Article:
Penn Badgley

You know what turns you off when you see it. Before that, the delicious unknown swirl, the way his hair sticks to his head nonchalantly, like it’s better not to wash now, will make you heady, and you’ll sleep with your stomach elevated, your aesophagus threatening to slide right out of your mouth.

You remember what dating without talking was like – like a movie – and the familiarity of films, which makes you remember sidewalks and stores you’ve never been to, means you hanker for other, simpler men, who haven’t an opinion on Damien Hirst, don’t know who Tracey Emin is.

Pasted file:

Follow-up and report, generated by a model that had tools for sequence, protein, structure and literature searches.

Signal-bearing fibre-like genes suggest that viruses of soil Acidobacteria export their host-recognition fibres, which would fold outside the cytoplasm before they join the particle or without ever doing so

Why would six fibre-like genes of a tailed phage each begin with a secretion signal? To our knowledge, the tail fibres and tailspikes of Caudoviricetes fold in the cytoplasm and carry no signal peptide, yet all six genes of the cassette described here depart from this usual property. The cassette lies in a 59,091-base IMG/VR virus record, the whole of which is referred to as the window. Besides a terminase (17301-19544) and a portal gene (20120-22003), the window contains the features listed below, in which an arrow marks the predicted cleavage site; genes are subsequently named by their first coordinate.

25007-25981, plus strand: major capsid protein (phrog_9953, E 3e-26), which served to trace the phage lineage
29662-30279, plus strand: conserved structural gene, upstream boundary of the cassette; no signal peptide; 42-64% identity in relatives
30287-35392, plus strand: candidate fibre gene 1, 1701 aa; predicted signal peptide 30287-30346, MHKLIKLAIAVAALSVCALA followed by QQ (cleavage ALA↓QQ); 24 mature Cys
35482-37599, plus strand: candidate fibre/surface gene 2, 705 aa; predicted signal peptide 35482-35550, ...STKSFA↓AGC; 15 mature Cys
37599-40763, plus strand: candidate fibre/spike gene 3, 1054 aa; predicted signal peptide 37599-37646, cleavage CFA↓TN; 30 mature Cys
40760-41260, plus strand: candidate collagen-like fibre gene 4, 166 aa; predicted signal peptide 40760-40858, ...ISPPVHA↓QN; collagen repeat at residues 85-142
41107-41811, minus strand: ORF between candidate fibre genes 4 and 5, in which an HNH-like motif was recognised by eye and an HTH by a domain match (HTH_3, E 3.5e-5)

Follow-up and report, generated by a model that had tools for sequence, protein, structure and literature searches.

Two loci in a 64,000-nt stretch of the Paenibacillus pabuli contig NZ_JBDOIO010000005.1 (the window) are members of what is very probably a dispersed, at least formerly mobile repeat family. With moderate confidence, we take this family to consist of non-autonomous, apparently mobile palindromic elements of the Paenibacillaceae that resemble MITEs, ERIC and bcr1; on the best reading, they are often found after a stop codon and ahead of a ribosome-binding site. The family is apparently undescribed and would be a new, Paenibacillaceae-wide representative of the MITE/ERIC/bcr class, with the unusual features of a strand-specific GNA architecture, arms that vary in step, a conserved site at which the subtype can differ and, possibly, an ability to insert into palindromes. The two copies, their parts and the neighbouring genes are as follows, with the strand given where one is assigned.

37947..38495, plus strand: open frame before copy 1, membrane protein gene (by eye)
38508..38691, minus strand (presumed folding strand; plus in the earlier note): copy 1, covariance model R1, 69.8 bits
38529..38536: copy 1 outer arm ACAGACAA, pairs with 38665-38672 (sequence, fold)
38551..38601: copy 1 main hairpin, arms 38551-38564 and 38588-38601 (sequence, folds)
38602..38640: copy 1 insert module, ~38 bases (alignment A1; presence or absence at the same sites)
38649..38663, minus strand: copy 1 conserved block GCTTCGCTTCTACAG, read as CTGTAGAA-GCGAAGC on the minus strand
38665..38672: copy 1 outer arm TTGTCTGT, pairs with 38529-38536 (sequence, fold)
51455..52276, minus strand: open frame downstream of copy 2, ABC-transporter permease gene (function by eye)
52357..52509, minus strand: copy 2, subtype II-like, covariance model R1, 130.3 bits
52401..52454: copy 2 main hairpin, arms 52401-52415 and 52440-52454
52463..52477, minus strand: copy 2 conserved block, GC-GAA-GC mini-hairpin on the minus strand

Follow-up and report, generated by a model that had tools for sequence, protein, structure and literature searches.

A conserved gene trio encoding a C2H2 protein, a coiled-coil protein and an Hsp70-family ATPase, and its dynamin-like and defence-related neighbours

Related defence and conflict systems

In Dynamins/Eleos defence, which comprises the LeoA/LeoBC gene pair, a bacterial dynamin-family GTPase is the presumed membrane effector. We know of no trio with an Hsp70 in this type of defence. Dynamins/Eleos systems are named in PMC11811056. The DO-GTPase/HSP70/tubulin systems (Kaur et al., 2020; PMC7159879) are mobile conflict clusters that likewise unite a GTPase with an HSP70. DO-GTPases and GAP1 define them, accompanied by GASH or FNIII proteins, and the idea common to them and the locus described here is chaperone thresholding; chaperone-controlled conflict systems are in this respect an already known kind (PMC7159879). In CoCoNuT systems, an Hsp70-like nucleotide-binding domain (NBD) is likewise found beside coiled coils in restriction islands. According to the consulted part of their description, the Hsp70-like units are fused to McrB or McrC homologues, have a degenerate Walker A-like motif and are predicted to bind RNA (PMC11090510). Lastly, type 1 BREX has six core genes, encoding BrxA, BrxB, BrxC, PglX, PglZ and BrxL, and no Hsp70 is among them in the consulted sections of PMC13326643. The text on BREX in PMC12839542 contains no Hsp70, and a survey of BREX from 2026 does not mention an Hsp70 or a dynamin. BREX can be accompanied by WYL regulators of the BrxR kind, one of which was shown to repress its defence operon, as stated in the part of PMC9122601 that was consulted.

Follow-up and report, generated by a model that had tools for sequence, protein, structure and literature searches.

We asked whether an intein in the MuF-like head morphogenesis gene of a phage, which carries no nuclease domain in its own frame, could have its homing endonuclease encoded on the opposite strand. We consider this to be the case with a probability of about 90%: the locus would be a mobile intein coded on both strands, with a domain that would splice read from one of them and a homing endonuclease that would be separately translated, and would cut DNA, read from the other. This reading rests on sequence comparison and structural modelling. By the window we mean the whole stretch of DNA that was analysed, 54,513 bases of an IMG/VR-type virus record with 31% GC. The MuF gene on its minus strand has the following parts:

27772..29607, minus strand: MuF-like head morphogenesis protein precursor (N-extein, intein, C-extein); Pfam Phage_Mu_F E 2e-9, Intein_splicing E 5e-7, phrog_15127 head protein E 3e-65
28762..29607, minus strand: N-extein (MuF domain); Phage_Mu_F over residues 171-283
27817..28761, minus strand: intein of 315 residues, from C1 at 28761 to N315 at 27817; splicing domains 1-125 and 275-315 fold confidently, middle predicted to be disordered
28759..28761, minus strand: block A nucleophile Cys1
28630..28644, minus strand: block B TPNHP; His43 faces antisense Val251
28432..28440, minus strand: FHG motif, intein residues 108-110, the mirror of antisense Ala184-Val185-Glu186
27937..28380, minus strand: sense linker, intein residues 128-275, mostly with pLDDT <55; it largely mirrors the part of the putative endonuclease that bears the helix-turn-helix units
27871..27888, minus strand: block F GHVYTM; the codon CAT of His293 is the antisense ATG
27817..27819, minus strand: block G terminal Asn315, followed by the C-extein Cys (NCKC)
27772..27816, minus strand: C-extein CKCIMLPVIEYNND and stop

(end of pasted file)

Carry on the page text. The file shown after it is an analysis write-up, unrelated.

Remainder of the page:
His fault wasn’t trying, writing, dressing, kissing, wasn’t what he said the first morning or what he’ll say the last. Some renovations you can’t make. The sheer energy in wood-sanding, carpet stapling is a full time job, and your career goals of princess, pop star, don’t leave room for almost men, slight ones, men growing their hair to pretend they’re Jeff Buckley, the sort of extinguishable genius that knowing is like touching a Ouija board. You saw The Exorcist when you were fifteen and have waited for transformation since.